May be true for some of it. As someone else mentioned, the mycelium is freeze dried, which may or may not matter. Also, their lion's mane extract is the only one I would use or recommend they extract both the fruit body and mycelium, using water and alcohol separately, then combine them. This suggest to me that, in general, they probably know what they're doing more than most other outfits.

ALL the research I was able to find, and all the references to traditional/TCM consumption were with extracts (water and/or alcohol). this makes me question the bioavailability of unextracted power in a pill.

Amanitas and psilocybin mushrooms are definitely eaten raw, and the study using LM to treat dementia used whole mushrooms in soup. And I'm pretty sure most traditional mushrooms were used whole (at least sometimes), though I don't have any traditional references for mushrooms on hand to demonstrate this.

the non-linear polysaccharides are bound up in the chitinnous cell walls are not bioavailable unless they are heat treated. which breaks up the chitin, releasing the betaglucan.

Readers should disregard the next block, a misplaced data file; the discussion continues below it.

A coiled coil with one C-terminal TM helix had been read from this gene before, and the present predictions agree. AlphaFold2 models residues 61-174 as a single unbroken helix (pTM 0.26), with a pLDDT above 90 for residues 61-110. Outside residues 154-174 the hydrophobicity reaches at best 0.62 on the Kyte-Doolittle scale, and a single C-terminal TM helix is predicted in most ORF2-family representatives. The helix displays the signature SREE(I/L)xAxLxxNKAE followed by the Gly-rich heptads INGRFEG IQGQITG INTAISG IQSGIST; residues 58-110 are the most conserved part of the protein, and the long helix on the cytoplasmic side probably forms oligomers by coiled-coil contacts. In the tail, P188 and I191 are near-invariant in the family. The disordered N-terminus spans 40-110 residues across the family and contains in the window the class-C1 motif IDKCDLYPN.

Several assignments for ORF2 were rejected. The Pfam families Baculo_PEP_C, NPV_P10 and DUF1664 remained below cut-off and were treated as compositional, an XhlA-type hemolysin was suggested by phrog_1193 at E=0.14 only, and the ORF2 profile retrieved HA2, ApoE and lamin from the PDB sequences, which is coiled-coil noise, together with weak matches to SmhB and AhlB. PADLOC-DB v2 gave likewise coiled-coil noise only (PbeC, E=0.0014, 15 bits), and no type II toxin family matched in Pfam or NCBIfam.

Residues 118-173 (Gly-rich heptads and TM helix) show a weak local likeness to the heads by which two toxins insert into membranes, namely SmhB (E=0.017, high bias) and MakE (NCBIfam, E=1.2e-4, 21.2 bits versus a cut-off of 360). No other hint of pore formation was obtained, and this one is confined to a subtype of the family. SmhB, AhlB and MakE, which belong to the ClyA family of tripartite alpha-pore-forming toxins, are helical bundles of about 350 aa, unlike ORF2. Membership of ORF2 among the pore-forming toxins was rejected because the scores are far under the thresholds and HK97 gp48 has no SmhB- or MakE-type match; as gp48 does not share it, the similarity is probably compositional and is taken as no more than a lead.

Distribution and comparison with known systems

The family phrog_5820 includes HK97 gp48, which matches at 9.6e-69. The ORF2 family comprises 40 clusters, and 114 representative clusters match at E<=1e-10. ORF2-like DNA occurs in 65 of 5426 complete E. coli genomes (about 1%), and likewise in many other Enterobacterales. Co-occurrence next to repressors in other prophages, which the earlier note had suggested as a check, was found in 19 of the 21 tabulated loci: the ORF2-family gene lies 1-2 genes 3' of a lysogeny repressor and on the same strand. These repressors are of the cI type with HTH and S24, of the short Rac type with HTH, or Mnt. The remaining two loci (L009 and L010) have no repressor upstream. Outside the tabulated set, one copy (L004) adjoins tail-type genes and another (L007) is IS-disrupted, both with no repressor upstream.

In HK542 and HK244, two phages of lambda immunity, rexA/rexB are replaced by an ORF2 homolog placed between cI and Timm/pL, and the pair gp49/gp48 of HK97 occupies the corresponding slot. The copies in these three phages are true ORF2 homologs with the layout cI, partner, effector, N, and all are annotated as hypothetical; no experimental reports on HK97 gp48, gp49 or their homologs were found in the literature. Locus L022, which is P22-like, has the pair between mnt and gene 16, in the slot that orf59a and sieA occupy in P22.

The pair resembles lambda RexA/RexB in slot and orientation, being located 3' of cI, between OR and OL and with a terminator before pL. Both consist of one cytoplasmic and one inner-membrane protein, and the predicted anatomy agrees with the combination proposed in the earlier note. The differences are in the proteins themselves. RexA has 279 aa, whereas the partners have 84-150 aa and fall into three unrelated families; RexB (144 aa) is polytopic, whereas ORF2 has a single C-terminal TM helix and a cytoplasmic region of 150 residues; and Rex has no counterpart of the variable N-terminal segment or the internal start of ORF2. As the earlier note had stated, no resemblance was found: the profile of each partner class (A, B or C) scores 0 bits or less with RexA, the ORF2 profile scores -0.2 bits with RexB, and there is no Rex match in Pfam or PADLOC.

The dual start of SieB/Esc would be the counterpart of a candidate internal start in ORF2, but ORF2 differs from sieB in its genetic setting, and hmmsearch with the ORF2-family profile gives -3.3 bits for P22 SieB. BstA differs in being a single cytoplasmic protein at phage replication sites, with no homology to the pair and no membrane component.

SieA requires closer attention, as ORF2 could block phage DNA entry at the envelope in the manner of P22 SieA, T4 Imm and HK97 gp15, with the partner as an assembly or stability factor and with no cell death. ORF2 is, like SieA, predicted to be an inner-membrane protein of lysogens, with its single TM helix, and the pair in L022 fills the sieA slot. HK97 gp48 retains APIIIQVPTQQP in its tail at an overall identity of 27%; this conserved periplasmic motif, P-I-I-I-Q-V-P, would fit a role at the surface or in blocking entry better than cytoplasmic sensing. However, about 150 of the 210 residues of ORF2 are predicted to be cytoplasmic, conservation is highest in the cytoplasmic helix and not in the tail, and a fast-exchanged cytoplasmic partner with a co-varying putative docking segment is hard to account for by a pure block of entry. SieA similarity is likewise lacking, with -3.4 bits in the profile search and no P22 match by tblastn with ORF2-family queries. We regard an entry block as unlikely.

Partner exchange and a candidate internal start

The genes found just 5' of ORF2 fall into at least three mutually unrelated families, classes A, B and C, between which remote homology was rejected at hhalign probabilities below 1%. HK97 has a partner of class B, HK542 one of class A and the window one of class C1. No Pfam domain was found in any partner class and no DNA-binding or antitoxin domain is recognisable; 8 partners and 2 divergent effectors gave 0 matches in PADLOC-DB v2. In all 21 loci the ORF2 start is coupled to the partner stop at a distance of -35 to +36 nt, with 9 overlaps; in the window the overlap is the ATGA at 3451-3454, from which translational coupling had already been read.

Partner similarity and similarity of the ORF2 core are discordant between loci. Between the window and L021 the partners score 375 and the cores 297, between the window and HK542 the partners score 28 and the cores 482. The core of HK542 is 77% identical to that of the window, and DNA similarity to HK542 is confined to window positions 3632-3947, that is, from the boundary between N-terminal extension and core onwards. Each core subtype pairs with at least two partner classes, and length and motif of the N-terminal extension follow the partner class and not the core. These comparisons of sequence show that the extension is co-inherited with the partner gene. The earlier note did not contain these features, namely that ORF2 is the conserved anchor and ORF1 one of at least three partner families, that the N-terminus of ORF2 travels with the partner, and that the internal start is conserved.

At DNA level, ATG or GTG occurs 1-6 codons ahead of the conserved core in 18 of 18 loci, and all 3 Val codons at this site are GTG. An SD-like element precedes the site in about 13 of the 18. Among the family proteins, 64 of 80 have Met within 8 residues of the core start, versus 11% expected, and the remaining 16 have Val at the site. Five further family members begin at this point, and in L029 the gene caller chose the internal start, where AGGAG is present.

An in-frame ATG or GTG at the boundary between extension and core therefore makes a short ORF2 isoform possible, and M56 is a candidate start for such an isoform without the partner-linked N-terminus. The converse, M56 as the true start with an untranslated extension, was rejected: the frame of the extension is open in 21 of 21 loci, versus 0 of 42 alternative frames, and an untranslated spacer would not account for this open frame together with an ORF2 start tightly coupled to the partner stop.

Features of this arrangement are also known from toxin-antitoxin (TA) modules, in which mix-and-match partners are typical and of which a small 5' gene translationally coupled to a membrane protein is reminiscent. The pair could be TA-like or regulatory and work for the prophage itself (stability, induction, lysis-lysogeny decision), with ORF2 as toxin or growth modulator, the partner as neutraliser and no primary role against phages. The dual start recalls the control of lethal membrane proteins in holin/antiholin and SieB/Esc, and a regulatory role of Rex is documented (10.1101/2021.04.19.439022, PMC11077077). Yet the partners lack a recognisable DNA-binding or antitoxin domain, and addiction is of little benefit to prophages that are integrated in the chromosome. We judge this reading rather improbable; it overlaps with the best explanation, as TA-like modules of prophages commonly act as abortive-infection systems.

Human gastric juice contains chitinase that can degrade chitin.
Paoletti MG, Norberto L, Damini R, Musumeci S.
Department of Biology, Laboratory Agroecology and Ethnobiology, University of Padova, Padova, Italy.

Chitin digestion by humans has generally been questioned or denied. Only recently chitinases have been found in several human tissues and their role has been associated with defense against parasite infections and to some allergic conditions. In this pilot study we tested the gastric juices of 25 Italian subjects on the artificial substrates 4-methylumbelliferyl-beta-D-N,N',diacetylchitobiose or/and fluorescein isothiocyanate (FITC) chitin to demonstrate the presence of a chitinase activity. Since this chitinase activity was demonstrated at acidic pH, it is currently referred to acidic mammalian chitinase (AMCase). AMCase activity was present in gastric juices of twenty of 25 Italian patients in a range of activity from 0.21 to 36.27 nmol/ml/h and from 8,881 to 1,254,782 fluorescence emission (CPS), according to the used methods. In the remaining five of 25 gastric juices, AMCase activity was almost absent in both assay methods. An allosamidine inhibition test and the measurement at different pH values confirmed that this activity was characteristic of AMCase. The absence of activity in 20% of the gastric juices may be a consequence of virtual absence of chitinous food in the Western diet.